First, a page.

During his 33-year tenure in Houston, Gockley turned the company into one of the most influential and innovative in the United States. HGO has presented 32 premieres under his leadership, including the debuts of John Adams' Nixon in China, Mark Adamo's Little Women, Leonard Bernstein's A Quiet Place, Jake Heggie's The End of the Affair, and Carlisle Floyd's Willie Stark and Cold Sassy Tree.
Gockley will succeed Rosenberg on January 1, 2006, meaning that Rosenberg will give up her position several months earlier than previously announced. She will serve as SFO's executive advisor through the end of 2006.
"Although the original plan was for David to take over as general director on August 1, 2006," Rosenberg explained in a statement, "we both agreed that it made far more sense for him to take over on January 1, when the opera is not in a rehearsal and performance period so he can have eight months to prepare for the opening of his first full season in September 2006."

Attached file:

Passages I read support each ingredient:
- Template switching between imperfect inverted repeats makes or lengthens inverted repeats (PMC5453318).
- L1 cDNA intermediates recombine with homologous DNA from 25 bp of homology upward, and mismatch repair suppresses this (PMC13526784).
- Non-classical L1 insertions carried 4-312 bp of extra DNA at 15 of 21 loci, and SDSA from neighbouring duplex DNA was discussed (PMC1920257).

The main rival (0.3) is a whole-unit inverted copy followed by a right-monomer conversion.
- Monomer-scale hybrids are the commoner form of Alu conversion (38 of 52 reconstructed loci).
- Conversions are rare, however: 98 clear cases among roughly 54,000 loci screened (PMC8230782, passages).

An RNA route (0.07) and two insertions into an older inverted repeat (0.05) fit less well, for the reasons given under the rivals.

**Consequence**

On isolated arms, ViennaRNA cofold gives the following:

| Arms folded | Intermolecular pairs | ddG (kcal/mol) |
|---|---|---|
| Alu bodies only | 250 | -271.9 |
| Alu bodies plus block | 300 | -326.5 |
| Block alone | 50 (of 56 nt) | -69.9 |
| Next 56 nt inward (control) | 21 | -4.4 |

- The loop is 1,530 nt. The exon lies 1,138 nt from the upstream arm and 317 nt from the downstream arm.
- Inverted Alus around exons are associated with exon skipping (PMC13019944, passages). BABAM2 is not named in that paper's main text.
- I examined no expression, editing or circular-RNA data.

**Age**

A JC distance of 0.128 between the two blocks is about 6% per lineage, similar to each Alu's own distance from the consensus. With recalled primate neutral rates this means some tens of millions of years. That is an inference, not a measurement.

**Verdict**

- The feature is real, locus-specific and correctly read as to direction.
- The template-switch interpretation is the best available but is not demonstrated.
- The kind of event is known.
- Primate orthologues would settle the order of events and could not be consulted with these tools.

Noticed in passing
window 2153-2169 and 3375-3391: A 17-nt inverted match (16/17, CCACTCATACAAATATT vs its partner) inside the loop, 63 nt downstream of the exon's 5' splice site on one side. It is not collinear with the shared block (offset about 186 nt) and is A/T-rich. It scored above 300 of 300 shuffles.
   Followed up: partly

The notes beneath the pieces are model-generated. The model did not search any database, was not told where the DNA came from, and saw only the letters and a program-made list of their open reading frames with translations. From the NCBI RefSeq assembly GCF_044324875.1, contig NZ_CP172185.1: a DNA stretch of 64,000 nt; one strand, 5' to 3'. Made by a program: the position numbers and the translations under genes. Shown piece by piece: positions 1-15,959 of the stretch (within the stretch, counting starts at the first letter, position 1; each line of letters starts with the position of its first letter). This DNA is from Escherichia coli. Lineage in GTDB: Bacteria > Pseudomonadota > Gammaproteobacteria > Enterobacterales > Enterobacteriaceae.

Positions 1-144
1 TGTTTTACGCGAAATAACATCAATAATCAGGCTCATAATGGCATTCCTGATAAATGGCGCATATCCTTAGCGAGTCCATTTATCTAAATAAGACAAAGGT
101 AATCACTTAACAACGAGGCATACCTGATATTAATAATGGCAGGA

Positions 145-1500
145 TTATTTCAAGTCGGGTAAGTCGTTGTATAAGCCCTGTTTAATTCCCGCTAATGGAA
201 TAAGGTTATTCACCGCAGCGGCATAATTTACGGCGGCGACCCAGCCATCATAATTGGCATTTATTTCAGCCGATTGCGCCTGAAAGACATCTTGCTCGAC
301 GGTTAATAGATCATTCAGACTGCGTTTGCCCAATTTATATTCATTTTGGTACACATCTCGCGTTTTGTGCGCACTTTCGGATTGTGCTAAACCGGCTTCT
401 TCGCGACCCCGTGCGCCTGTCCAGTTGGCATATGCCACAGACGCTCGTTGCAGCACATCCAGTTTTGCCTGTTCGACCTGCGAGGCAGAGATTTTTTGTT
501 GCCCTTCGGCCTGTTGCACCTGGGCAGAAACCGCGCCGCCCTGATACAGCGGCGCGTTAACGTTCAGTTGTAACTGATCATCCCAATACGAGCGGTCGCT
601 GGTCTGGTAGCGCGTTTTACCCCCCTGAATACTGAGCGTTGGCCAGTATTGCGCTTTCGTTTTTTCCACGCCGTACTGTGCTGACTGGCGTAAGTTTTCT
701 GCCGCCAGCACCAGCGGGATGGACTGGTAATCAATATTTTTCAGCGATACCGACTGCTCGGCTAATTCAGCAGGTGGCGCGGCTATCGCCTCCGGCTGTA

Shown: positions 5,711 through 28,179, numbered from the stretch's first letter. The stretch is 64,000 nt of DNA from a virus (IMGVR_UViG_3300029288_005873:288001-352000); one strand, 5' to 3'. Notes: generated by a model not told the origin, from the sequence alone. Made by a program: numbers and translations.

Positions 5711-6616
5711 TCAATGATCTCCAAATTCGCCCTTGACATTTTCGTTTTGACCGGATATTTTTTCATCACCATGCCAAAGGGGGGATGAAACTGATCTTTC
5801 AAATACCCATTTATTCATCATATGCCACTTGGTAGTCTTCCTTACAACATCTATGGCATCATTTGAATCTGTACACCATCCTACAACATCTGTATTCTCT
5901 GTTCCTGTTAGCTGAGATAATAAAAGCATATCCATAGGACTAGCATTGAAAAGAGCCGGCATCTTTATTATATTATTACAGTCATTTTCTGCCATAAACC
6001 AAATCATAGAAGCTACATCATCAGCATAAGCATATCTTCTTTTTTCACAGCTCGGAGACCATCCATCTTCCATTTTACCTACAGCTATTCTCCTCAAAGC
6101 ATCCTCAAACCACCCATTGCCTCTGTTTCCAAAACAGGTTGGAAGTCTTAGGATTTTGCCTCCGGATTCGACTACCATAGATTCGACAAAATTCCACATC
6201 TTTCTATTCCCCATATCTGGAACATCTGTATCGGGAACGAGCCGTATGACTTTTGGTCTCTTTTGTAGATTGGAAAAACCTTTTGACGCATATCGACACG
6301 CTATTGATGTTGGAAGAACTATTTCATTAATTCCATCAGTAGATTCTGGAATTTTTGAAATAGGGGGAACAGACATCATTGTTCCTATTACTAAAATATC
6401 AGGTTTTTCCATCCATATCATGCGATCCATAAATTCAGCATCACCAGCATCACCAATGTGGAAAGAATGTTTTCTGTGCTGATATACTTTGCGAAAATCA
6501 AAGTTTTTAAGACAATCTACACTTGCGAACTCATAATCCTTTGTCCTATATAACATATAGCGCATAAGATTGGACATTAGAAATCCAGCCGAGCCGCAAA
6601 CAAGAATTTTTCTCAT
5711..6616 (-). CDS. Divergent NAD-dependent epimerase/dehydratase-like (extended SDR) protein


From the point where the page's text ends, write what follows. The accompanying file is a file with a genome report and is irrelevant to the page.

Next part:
Rosenberg, who had previously directed Stuttgart Opera, also came to San Francisco with a reputation for innovation, and her productions of such 20th-century works as Messiaen's Saint Francois d'Assise and Ligeti's Le Grand Macabre have been widely acclaimed. But she has also been confronted with fiscal problems that limited the company's ability to experiment‹a problem she cited when she announced that she would leave after one term.
In a statement, Gockley acknowledged that he would have to temper innovation with frugality. "My goal is to maintain artistic excellence while achieving fiscal balance and stability," he said. "San Francisco Opera must attract the finest singers in the world and, at the same time, devote maximum energy towards discovering and nurturing young talent."
Gockley joined Houston Grand Opera as business manager in 1970, after studying music at Brown and business at Columbia. He was named general director two years later. In addition to presenting many world and American premieres, he raised $72 million to build the Wortham Theater Center, expanded touring, and created the Houston Grand Opera Studio.